Lytx’s journey from startup to success: A management story

Venture Capital, Menlo Ventures
Photo courtesy of Shutterstock.

By Douglas Carlisle, managing director, Menlo Ventures

Today Lytx (previously known as Drivecam) announced that it has been acquired by private equity firm GTCR for more than $500 million. Lytx is by far the leading company providing video and analytical safety solutions to commercial vehicle fleets around the world, with a dominant position in the U.S. and growing rapidly in other countries.

But things weren’t always so rosy at the company. When Menlo Ventures invested in Lytx’s first round in 2005, the company had developed an initial good idea: combine the features of an aircraft flight data recorder and cockpit voice recorder into a camera unit for vehicles. This was packaged and sold to customers as an enterprise software sale, but left it to the customer to install the units and analyze the data themselves.

We learned that customers either didn’t want a do-it-themselves solution or couldn’t figure out how to get it up and running. The company then implemented a business model that included installation and analysis of the recorded driver behavior. This approach was much more attractive to customers, who quickly signed up for the service.

Encouraged by the initial success, the management team decided to go for instant worldwide dominance and immediately spun up multiple new initiatives, including an international effort, a consumer business, an insurance partnership, and a small and mid-sized fleet offering. It took three years for the company to hit the wall. The software wasn’t reliable and the overall product quality suffered as the development team tried to fulfill five different sets of requirements.

Brandon Nixon stepped in as the new CEO in the fall of 2008. He concluded after a thorough analysis that all new initiatives had to be terminated, and 100 percent of the company’s focus should be on serving its core constituency of self-insured large domestic fleets. This required some painful decisions, including multiple layoffs at the VP and general manager level.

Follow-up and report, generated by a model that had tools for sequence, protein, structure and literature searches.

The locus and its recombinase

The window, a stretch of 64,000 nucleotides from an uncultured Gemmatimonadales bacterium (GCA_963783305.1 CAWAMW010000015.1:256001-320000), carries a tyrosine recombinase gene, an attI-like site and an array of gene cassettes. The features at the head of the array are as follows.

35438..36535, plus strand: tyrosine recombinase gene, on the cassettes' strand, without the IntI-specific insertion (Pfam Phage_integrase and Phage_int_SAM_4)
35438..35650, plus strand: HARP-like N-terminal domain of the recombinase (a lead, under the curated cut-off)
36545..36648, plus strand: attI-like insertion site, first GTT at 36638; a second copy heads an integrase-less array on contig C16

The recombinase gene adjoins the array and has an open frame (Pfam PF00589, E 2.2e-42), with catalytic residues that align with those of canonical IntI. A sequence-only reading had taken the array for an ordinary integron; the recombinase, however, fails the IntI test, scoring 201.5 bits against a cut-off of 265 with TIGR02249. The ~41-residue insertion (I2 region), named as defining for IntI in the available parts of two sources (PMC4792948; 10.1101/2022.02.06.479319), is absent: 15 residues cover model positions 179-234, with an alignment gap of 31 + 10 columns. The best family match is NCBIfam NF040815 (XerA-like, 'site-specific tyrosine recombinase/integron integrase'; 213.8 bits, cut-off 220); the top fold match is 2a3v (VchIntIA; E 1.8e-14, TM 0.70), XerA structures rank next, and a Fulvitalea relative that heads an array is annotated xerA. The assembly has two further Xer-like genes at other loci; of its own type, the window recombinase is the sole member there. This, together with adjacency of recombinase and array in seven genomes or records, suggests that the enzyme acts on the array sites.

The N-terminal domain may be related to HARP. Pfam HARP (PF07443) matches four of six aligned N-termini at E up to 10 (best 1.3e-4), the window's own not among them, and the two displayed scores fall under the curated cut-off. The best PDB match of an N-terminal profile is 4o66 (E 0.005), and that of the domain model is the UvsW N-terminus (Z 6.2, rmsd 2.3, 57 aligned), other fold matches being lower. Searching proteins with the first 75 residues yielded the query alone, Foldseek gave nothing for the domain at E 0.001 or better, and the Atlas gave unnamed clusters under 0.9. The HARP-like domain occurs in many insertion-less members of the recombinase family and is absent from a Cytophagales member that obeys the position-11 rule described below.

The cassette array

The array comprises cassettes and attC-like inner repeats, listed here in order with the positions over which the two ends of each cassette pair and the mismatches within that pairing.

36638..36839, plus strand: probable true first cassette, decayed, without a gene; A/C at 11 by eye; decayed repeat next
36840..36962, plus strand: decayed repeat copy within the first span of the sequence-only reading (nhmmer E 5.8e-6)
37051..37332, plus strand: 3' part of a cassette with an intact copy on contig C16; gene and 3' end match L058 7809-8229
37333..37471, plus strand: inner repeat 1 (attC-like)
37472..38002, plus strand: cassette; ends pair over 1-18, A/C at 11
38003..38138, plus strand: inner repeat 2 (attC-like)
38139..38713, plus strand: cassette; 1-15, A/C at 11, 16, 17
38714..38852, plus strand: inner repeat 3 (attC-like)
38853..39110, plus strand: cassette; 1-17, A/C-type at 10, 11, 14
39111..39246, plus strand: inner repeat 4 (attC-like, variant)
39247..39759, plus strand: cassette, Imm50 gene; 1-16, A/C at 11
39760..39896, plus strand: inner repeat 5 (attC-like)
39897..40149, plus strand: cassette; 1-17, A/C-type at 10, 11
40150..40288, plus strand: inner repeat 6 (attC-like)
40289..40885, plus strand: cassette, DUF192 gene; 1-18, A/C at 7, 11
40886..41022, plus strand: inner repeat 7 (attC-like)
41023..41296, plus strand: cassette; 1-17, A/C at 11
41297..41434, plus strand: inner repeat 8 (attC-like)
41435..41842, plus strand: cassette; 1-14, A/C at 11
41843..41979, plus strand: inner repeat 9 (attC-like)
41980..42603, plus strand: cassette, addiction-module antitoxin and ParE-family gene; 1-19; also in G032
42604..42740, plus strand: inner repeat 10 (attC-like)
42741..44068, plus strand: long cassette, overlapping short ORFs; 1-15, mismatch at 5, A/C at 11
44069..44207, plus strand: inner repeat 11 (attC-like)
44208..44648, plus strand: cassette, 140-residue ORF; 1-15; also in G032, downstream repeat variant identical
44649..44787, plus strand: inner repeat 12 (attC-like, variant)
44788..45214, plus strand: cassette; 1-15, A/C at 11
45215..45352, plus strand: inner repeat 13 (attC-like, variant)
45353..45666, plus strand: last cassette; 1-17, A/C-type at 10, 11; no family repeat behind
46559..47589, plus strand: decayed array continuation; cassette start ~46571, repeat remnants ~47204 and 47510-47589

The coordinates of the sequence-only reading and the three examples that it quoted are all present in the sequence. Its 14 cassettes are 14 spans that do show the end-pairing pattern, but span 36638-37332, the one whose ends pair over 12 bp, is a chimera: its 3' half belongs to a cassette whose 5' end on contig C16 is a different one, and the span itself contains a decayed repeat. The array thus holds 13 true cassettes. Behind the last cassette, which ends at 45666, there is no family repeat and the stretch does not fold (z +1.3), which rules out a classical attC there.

But at a crisis point in Lytx’s development, Brandon also recognized a number of director-level employees from within who were promoted to re-build the company, thus ensuring that everyone clearly understood the company’s goals moving forward. As a result of the refocus, product quality improved and bookings resumed as the company’s sales team concentrated on a single type of deal that resulted in a dramatically-reduced burn rate.  It also helped the company raise additional venture funding when the company needed it most.

Douglas Carlisle
Douglas Carlisle, managing director, Menlo Ventures

After turning their attention completely on the core market segment for the next two years, Brandon and the rest of the team did extensive planning and preparatory work before starting to staff and fund the additional ideas at a more measured pace. Together, the management team rolled out an international expansion, an insurance plan, and a small and mid-sized fleet offering. Instead of burning cash and resources on new ideas, the team added revenue growth by focusing on each initiative incrementally rather than pursuing all at once and effectively killing the company.

Since Brandon joined as CEO, revenues and customers have grown more than 1000 percent. The Lytx story is proof that while having a worthwhile initial idea is important, the secret sauce is in the execution.

Management teams who are able to work together to focus fully on what their customers want, without getting distracted by other ideas, can clear a path for sustainable growth.  It may not happen overnight, and it may even be a bumpy start, but ultimately a focus on what matters will result in success.

Photo of truck courtesy of Shutterstock.

Photo of Douglas Carlisle courtesy of Menlo Ventures.


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